9 Must-Read Books Translated From Indian Regional Languages
This year, Daisy Rockwell’s translation of Geetanjali Shree’s Hindi novel Tomb of Sand became the first novel translated from an Indian language to win the International Booker Prize. The sprawling and beautiful novel, as well as its brilliant translation, are deserving in their own right, but I hope that the success of the book draws more readers to the rich treasure trove of literature written in the many regional languages of India. For a country that is a veritable melting pot of different cultures and linguistic traditions, delving into stories written in the myriad languages spoken here is essential in getting a sense of the spirit of the nation.
India is a land of contradictions and unlikely co-existences that are only truly captured in the languages of its people. Thanks to a set of talented translators and independent publishing houses, the unique essence of various regional languages are available in English, despite immense pressure from globalization and digitization. Here I have compiled a list of my favorite books in Indian languages that have been translated to English. This is a very short and very incomplete introduction, as even the number of recognized official languages in India is more than double the number of books I have included in the list. It is also slightly skewed in favor of Bengali, my mother tongue. I can only hope that this list introduces you to some great reads, and intrigues you enough to explore the vast world of regional Indian literature.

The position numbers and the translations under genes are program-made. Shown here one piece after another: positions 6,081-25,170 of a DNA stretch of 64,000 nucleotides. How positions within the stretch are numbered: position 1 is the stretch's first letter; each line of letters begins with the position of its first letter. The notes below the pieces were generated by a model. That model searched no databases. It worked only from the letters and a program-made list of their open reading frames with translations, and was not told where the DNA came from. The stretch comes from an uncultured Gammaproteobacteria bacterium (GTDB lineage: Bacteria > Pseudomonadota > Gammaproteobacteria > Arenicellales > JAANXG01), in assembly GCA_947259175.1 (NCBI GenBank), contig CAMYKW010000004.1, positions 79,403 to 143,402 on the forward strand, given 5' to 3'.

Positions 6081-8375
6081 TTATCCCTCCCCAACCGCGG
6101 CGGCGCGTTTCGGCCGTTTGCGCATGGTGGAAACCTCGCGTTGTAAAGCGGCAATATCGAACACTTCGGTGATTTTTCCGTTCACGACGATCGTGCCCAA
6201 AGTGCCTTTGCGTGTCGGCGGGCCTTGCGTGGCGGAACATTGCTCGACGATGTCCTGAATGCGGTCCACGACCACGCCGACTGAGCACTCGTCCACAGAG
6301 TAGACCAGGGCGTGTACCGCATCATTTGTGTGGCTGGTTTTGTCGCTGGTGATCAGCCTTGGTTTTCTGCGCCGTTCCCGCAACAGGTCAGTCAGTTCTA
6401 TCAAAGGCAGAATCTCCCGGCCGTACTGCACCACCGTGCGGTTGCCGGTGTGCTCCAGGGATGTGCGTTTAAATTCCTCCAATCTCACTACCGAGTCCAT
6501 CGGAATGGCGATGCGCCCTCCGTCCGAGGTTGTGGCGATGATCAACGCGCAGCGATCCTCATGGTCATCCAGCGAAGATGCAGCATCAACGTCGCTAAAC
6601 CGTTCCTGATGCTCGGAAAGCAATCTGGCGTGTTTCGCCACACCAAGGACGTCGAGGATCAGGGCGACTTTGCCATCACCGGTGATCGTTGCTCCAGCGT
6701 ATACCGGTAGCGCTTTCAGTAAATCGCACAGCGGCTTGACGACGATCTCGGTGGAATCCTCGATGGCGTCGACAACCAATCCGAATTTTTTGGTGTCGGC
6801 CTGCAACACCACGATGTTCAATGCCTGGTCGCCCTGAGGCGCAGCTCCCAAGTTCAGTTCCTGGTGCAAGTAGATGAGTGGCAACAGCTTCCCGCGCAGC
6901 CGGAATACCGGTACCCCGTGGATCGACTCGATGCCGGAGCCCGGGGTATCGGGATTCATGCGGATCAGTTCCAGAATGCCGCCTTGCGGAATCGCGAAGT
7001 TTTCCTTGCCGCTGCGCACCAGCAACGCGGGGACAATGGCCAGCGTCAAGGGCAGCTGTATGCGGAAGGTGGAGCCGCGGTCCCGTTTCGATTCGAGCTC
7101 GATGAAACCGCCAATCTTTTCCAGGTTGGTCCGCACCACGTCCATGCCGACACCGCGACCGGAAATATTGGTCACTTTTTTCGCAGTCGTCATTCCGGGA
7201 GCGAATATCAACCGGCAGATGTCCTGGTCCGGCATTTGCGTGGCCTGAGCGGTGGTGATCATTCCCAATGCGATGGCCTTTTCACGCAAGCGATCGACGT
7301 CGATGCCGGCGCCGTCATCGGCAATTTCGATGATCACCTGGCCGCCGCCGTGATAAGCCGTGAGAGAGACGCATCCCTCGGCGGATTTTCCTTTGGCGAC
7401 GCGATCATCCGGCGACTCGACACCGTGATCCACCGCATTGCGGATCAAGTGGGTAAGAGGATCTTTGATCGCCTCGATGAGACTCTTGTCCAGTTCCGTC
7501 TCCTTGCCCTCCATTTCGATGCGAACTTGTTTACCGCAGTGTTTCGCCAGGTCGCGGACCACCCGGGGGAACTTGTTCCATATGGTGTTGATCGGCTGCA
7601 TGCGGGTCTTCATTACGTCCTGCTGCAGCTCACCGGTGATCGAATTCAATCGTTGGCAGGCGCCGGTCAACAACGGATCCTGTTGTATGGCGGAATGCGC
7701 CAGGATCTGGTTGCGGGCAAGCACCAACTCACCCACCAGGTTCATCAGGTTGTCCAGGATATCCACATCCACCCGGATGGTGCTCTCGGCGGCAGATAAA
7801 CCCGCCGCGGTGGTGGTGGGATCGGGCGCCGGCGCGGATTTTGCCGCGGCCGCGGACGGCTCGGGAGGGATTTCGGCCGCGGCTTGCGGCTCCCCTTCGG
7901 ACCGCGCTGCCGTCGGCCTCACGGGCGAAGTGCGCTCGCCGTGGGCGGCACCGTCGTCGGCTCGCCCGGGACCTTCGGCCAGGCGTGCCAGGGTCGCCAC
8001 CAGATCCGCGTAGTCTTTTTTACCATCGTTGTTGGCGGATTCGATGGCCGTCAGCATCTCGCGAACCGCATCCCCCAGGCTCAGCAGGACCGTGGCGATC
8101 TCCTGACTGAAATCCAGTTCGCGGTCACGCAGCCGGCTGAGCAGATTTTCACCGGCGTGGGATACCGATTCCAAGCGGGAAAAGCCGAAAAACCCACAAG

Selected Short Stories of Rabindranath Tagore, translated from Bengali by William Radice
Asia’s first Nobel laureate and Bengali cultural icon, Rabindranath Tagore has a large oeuvre for readers to choose from. Of his much loved and much read works, the one that I find myself returning to most often is his collection of short stories, published in Bengali as Golpoguchchho. He is at his most playful and self deprecating in these stories, told through his characteristically refreshing prose.
The First Promise by Ashapurna Devi, translated from Bengali by Indira Chowdhury